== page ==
On the [Im]possibility of Democratic Citizenship Education in Kenya: Spheres of Change
Violence in Kenya undermines the role of Kenyan higher education towards transitioning to democratic practices. This chapter engages liberal deliberative democracy concepts to explore the relationship between citizenship education and ethnic violence to re-imagine democratic citizenship education (DCE) in Kenyan higher education. First, it examines the notion that higher education can be a process and a place where citizenship education can be cultivated to potentially overcome ethnic violence, gender violence and discrimination which are prevalent in Kenyan society and education (Boit and Kipkoech, Res J Organ Psychol Educ Stud 1(2):78–82, 2012; Johnson, Prospects 43(3):329, 2013; Sifuna, Res Post-Compulsory Educ 11(1):85–105, 2006). Second, the chapter analyses a notion of DCE within the liberal tradition, which potentially describes DCE as a process of public engagement, which can create a sense of belonging necessary for human interaction. I will show that liberal DCE, as practised and experienced in Kenya, is thin and is already employed in conceptualising policies in Kenyan education system; yet, the anomalies and imbalances in Kenyan society still exist. Third, I will argue that Kenyan higher education system and policy provides potential meanings for DCE; however, it is limited, since education is engendered in a preconceived sense of belonging which is already actualised (Misaro et al., Res J Organ Psychol Educ Stud (RJOPES) 2(4):139–149, 2013). Fourth, I claim that DCE in becoming as an extension of a liberal idea of potentiality can address the challenges Kenya faces.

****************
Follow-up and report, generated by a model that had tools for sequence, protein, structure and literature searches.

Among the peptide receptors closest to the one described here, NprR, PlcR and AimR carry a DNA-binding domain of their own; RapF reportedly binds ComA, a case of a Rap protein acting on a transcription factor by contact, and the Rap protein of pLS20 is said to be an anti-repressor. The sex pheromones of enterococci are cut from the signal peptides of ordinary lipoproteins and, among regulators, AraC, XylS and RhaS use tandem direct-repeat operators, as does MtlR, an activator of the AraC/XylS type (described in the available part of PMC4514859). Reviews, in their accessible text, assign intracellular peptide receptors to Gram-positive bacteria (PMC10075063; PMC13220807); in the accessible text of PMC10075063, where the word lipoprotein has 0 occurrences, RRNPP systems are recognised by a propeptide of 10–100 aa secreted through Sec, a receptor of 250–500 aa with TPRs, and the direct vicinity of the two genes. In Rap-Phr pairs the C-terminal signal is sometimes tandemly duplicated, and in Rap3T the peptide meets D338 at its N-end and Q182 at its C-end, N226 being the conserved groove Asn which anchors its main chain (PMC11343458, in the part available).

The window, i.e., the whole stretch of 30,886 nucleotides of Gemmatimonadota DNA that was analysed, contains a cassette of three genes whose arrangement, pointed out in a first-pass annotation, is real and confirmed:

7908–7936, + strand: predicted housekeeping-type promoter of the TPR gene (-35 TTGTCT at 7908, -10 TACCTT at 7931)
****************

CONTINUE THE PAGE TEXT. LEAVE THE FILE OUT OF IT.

KeywordsKenya Higher education Ethnic violence Democratic citizenship education Public engagement Belonging potentiality Liberal in becoming Impossibility possibility potentiality co-belonging actuality university education Speech thought
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